ACN - 101321555 Australasian Human Research Ethics Consultancy Services Pty Ltd (AHRECS)
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Australasian Human Research Ethics Consultancy Services Pty Ltd (AHRECS)

Friday afternoon’s funny – How many people does it take?0

Posted by Admin in on January 19, 2018

Cartoon by Don Mayne

Some research projects can require the involvement of 20 or more people, and that’s without the research team, actual participants, the regulators or those involved with the research outputs. And then there are the friendly consultants (like AHRECS!) on hand to advise and assist to make the process as collegiate, effective and efficient as possible. 🙂

Friday afternoon’s funny – Breaks and workload0

Posted by Admin in on January 5, 2018

Cartoon by Don Mayne

Happy New Year! I know this is an awful reality for research ethics committee secretaries/ethics officers, support staff and committee Chairs. I have made the rookie error of having mail alerts go to my watch and phone doh! Early in the new year, we’ll have some exciting news about an addition to the AHRECS team and a new service we’re going to be offering.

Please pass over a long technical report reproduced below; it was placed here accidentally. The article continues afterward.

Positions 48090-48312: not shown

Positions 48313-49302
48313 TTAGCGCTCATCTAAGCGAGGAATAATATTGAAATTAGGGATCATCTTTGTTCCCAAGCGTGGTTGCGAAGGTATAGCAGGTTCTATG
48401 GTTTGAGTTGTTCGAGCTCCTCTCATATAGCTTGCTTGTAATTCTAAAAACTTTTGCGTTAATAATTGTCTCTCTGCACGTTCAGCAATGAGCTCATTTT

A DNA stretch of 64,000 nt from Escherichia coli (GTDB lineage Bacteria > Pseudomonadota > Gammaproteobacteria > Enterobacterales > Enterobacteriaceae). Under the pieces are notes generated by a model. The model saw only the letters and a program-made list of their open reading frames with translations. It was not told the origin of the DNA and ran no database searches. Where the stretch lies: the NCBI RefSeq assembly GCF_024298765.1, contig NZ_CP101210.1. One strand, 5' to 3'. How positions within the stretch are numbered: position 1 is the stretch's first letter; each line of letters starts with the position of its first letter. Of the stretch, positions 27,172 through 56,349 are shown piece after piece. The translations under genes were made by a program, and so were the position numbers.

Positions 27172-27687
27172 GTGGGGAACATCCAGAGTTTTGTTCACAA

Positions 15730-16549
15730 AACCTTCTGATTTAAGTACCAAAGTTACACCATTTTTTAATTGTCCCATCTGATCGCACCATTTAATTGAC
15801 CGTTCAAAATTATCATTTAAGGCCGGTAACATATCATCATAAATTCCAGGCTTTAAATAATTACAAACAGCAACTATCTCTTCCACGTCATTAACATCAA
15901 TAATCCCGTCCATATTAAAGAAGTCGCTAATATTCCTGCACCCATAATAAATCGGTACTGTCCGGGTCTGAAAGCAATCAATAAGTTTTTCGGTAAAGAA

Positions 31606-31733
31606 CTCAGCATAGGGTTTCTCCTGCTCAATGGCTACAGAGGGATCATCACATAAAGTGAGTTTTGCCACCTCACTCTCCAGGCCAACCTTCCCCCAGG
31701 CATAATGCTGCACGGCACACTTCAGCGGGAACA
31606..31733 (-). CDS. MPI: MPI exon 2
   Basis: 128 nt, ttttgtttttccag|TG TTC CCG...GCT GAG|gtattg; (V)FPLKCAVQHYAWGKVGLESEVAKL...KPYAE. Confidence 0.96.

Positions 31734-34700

Ethical complexities in child co-research (Papers: Merle Spriggs and Lynn Gillam | 2017)0

Posted by Admin in on January 2, 2018

Child co-research has become popular in social research involving children. This is attributed to the emphasis on children’s rights and is seen as a way to promote children’s agency and voice. It is a way of putting into practice the philosophy, common amongst childhood researchers, that children are experts on childhood. In this article, we discuss ethical complexities of involving children as co-researchers, beginning with an analysis of the literature, then drawing on data from interviews with researchers who conduct child co-research. We identify six ethical complexities, some of which are new findings which have not been mentioned before in this context. In light of these possible ethical complexities, a key finding is for researchers to be reflexive – to reflect on how the research may affect child co-researchers and participants before the research starts. A separate overriding message that came out in responses from the researchers we interviewed was the need for support and training for child co-researchers. We conclude by providing a list of questions for reflexive researchers to ask of themselves when they use child co-research methodology. We also provide important questions for human research ethics committees to ask when they review projects using child co-research.

co-researcher, ethics, ethics committees, reflexivity, research ethics, research methodology

Spriggs M. and Gillam L (2017) “Ethical complexities in child co-research.” Research Ethics 0(0): 1747016117750207.

Holiday funny – Human research ethics committee member New Year’s resolutions0

Posted by Admin in on January 1, 2018

Cartoon by Don Mayne

If you Chair, served on or worked with a research ethics committee perhaps some or all of these will be painfully familiar.